Michel Houellebecq and the limitations of satire

Paul Constant

December 03, 2015

Michel Houellebecq is a terrible person. He is also, if his translators have done their job correctly, an excellent writer. This isn’t a rarity — plenty of writers are awful people. But unlike many of the worst people who write, Houellebecq doesn’t try to conceal his awfulness. Instead, he revels in it.

Houellebecq has made a career out of provocation. His essay praising H.P. Lovecraft’s ahuman tendencies is probably the best critical reappraisal of Lovecraft ever written. His novel Platform pushed sex tourism against terrorism to create a moral race to the bottom. The Possibility of an Island is a sci-fi exploration of cloning and technological advancements. Houellebecq writes with the detached, imaginative air of Haruki Murakami, but his interests are leering and poking at the most controversial concepts of our time.

Over time, Houellebecq’s slimy attentions have turned to radical Islam and terrorism, and his work has codified around it as a central theme. His latest novel, Submission, was published in his native France on the day of the Charlie Hebdo shooting. Submission is a 1984-like political satire of the future (much closer than Orwell’s novel, though: it’s set in 2022) and it’s a dystopian novel that predicts the Islamification of France.

When read after the coordinated terrorist attacks against Paris, Submission does not feel particularly prescient. The narrative involves a supposed moderate Muslim presidential candidate who becomes president of France and immediately institutes Sharia law:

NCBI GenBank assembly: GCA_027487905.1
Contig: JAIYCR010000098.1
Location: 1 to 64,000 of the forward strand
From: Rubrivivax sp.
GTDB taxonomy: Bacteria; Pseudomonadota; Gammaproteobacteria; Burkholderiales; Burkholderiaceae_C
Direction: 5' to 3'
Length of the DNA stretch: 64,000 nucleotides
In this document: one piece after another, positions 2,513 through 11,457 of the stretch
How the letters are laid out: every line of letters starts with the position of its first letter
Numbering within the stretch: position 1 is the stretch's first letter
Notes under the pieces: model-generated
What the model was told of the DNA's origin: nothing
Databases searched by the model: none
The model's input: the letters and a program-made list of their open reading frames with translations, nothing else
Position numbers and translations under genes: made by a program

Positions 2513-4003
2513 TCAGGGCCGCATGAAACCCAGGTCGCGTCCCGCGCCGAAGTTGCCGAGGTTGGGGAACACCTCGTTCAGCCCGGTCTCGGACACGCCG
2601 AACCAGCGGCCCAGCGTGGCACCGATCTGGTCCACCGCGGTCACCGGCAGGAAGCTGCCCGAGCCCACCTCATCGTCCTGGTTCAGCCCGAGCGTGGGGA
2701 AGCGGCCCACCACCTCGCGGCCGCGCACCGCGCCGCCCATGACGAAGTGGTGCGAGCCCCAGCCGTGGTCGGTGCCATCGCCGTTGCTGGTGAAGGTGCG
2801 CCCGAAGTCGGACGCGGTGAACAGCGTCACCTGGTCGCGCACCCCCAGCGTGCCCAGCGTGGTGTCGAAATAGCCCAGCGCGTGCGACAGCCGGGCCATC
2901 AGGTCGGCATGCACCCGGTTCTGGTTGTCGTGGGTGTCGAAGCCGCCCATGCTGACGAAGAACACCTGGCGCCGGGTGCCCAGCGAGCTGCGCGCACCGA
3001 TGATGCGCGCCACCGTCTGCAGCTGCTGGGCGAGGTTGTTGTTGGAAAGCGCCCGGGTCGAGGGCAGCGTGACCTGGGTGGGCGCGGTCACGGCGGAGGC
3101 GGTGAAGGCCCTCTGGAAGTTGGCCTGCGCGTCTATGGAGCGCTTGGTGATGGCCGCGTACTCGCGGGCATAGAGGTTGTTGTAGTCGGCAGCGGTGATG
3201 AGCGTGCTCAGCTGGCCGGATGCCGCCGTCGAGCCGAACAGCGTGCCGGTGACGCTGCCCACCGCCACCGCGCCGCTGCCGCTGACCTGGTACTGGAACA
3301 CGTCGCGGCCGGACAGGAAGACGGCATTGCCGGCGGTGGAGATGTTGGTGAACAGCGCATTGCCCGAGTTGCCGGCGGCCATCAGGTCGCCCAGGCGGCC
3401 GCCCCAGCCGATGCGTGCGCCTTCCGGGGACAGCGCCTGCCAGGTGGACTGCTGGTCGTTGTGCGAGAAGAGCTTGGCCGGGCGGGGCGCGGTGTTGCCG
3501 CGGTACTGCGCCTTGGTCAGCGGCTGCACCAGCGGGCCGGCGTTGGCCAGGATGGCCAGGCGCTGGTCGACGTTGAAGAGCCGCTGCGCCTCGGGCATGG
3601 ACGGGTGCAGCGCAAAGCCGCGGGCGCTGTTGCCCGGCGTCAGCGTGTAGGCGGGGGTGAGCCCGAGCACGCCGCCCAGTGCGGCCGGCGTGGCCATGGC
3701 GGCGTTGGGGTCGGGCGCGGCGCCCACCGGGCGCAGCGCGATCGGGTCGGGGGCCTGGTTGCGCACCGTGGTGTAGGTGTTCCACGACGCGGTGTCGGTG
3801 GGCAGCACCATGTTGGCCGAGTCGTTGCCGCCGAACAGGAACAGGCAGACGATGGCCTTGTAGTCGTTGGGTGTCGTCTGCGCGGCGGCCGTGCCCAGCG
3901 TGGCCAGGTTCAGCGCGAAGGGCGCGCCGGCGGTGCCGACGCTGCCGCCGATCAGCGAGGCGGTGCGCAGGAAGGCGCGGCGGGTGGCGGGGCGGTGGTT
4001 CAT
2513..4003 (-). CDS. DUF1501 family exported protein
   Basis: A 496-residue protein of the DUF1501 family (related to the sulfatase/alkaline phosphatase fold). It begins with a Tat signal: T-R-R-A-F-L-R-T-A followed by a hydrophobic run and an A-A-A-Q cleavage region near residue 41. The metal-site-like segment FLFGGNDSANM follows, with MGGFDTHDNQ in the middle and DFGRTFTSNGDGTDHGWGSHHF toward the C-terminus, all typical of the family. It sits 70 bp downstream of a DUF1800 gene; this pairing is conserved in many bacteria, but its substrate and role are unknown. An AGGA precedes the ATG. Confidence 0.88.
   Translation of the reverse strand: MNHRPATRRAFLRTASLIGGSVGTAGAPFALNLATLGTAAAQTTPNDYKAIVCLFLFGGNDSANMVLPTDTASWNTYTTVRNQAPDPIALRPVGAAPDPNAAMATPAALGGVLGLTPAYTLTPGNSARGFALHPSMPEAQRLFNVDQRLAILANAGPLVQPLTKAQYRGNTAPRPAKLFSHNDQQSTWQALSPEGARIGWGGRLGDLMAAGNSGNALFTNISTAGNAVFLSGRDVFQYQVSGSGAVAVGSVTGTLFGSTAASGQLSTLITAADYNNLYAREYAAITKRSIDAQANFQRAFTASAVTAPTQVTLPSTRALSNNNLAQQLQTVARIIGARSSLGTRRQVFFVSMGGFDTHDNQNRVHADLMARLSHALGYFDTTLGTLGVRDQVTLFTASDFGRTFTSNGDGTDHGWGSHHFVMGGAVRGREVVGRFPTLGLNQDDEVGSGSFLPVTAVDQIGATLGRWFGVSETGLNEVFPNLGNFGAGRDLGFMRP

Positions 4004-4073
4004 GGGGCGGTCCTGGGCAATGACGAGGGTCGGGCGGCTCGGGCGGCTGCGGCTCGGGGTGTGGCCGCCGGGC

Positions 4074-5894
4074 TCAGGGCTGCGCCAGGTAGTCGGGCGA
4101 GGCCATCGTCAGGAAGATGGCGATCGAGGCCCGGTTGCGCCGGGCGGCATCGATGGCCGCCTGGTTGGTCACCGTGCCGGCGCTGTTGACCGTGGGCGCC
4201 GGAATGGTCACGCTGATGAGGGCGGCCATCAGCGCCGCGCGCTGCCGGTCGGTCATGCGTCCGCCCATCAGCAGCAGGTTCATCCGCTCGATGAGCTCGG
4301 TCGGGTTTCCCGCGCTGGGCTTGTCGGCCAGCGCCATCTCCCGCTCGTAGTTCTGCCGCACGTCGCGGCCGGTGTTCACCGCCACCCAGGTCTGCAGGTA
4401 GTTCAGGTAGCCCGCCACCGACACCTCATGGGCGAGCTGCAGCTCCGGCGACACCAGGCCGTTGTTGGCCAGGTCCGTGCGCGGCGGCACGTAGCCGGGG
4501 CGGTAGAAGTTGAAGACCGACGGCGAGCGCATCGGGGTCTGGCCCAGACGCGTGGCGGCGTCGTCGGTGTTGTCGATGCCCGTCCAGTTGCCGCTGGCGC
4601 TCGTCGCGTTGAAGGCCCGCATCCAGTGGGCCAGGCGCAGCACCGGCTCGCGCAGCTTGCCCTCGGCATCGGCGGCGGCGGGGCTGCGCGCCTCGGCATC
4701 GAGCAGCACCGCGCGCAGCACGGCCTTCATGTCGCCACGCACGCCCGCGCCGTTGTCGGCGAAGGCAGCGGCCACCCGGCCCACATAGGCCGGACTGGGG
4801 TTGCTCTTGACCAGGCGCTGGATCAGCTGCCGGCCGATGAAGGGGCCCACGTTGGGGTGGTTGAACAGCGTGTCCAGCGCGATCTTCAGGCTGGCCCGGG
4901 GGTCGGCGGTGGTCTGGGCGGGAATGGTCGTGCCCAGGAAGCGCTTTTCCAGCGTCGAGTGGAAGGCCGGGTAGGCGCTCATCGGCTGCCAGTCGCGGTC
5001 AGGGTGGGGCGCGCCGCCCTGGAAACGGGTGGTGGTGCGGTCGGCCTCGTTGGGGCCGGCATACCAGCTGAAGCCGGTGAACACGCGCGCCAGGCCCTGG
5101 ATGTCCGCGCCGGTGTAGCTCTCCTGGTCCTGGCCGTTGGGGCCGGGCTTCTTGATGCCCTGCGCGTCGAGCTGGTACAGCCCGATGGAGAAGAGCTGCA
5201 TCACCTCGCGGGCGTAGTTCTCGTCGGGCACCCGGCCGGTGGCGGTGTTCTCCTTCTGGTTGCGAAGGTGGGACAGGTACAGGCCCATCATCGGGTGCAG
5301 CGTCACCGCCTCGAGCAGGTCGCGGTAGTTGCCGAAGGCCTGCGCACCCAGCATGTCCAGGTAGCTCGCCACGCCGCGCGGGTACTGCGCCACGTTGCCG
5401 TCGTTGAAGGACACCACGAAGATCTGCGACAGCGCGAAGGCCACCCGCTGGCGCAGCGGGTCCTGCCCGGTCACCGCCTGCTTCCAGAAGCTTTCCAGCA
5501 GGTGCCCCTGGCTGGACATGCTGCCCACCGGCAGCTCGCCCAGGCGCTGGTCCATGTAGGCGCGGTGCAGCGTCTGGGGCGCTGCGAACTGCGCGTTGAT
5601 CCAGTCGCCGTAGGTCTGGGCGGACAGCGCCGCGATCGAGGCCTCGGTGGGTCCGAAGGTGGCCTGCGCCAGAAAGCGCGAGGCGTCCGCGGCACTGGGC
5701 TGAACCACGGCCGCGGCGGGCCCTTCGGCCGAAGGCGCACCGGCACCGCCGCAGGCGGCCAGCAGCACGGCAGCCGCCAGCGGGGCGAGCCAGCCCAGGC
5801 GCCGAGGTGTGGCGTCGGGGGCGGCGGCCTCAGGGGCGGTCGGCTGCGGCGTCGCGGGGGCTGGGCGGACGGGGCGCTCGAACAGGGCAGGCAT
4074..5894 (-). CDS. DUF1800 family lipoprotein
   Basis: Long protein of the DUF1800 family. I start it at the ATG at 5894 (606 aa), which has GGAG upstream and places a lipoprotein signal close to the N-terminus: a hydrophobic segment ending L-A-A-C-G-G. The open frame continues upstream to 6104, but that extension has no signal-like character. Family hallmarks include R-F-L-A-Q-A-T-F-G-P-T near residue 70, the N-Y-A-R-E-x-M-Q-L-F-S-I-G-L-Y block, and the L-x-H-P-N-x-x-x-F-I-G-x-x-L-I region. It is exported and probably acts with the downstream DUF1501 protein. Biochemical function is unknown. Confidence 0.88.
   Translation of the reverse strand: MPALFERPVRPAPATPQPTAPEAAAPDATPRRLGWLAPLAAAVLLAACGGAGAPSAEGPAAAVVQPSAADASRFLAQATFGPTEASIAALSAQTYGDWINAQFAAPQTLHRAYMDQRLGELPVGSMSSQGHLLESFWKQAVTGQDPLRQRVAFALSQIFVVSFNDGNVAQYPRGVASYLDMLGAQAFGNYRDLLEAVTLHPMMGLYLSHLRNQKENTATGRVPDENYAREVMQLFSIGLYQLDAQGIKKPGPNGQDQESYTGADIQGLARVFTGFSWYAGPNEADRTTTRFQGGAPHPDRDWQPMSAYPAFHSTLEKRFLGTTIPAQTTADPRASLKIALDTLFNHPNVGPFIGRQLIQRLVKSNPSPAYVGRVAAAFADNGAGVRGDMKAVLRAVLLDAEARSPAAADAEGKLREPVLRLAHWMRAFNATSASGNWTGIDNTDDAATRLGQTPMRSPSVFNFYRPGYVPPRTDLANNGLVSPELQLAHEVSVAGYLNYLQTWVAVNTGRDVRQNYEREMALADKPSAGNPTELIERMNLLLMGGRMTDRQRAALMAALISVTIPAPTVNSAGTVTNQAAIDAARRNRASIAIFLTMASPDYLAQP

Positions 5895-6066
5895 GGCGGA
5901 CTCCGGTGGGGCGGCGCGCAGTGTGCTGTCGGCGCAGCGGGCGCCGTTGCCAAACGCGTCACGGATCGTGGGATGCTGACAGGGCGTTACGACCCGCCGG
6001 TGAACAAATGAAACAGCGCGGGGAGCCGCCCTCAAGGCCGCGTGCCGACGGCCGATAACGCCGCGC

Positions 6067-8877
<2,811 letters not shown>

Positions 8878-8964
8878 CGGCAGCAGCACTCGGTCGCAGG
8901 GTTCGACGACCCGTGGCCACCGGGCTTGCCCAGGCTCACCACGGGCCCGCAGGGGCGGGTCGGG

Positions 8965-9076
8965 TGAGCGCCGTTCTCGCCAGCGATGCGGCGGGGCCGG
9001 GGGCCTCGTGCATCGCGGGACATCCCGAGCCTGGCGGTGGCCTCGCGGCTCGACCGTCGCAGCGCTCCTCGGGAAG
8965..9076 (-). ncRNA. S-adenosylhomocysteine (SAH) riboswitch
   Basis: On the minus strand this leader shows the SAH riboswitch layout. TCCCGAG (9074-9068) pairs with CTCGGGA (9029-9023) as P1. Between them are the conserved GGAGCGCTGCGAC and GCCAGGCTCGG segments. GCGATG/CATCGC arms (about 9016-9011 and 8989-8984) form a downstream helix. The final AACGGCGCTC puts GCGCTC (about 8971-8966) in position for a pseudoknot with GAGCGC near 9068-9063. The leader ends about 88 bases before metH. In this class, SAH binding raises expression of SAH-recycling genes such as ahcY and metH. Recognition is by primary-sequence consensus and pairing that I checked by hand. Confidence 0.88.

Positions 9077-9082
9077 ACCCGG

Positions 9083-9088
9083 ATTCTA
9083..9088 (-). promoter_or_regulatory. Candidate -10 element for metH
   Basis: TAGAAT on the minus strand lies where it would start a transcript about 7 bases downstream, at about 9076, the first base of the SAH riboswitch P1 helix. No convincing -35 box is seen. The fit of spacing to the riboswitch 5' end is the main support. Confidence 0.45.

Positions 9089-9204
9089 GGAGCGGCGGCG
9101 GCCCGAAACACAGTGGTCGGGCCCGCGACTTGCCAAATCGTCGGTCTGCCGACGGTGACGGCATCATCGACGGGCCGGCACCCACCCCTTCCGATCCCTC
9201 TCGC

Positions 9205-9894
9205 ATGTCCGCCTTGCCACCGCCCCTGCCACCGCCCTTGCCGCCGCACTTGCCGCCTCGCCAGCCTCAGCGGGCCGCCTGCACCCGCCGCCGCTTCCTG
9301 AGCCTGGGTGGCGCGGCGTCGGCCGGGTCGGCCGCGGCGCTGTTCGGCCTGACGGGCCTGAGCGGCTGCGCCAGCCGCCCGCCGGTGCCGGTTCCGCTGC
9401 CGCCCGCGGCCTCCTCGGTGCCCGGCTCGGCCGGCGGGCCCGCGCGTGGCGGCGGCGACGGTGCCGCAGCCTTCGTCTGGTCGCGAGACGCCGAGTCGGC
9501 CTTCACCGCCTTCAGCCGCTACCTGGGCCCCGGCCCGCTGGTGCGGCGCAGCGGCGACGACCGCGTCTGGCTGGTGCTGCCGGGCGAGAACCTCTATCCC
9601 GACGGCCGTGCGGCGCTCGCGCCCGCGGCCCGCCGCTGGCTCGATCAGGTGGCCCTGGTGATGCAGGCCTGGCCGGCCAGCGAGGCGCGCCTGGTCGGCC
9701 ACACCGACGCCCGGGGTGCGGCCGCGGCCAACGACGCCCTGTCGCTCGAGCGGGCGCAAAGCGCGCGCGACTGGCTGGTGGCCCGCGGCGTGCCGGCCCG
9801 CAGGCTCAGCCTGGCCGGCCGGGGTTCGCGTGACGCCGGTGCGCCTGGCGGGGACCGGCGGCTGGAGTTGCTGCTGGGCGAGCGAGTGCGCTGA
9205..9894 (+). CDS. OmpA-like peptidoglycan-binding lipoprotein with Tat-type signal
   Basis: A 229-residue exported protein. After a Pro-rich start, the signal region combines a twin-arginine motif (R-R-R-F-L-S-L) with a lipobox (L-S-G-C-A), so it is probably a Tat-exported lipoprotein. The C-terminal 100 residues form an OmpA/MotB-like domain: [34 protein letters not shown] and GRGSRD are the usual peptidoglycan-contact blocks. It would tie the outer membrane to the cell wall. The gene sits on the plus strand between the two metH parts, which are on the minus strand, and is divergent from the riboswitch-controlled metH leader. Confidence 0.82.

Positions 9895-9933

They want every French child to have the option of a Muslim education, at every level of schooling. Now, however you look at it, a Muslim education is very different from a secular one. First off, no coeducation. And women would only be allowed to study certain things. What the Muslim Brotherhood really wants is for most women to study home ec, once they finish grade school, then get married as soon as possible with a small minority studying art or literature first. That’s their vision of an ideal society. Also, every teacher would have to be Muslim. No exceptions. Schools would observe Muslim dietary laws and the five daily prayers; above all else the curriculum itself would have to reflect the teachings of the Koran.

Obviously, Houellebecq is not aspiring for precision in his predictions. What he is doing is arguing against France’s acceptance of Muslim immigrants and what he believes to be a too-permissive culture of assimilation. He takes an indirect approach, telling the story from the perspective of an academic, an expert in the works of J.K. Huysmans. His protagonist is an ineffectual little man, an amoral solipsist who sleeps with students and freely admits that the “academic study of literature leads basically nowhere” and is “a rather farcical system that exists solely to replicate itself and yet manages to fail more than 95 percent of the time.” He’s okay with this, as long as it pays his rent and keeps him in sexual relationships. In other words, like just about every Houellebecq protagonist, he’s a nihilist. And he can barely be bothered to notice the Islamic regime being installed all around him.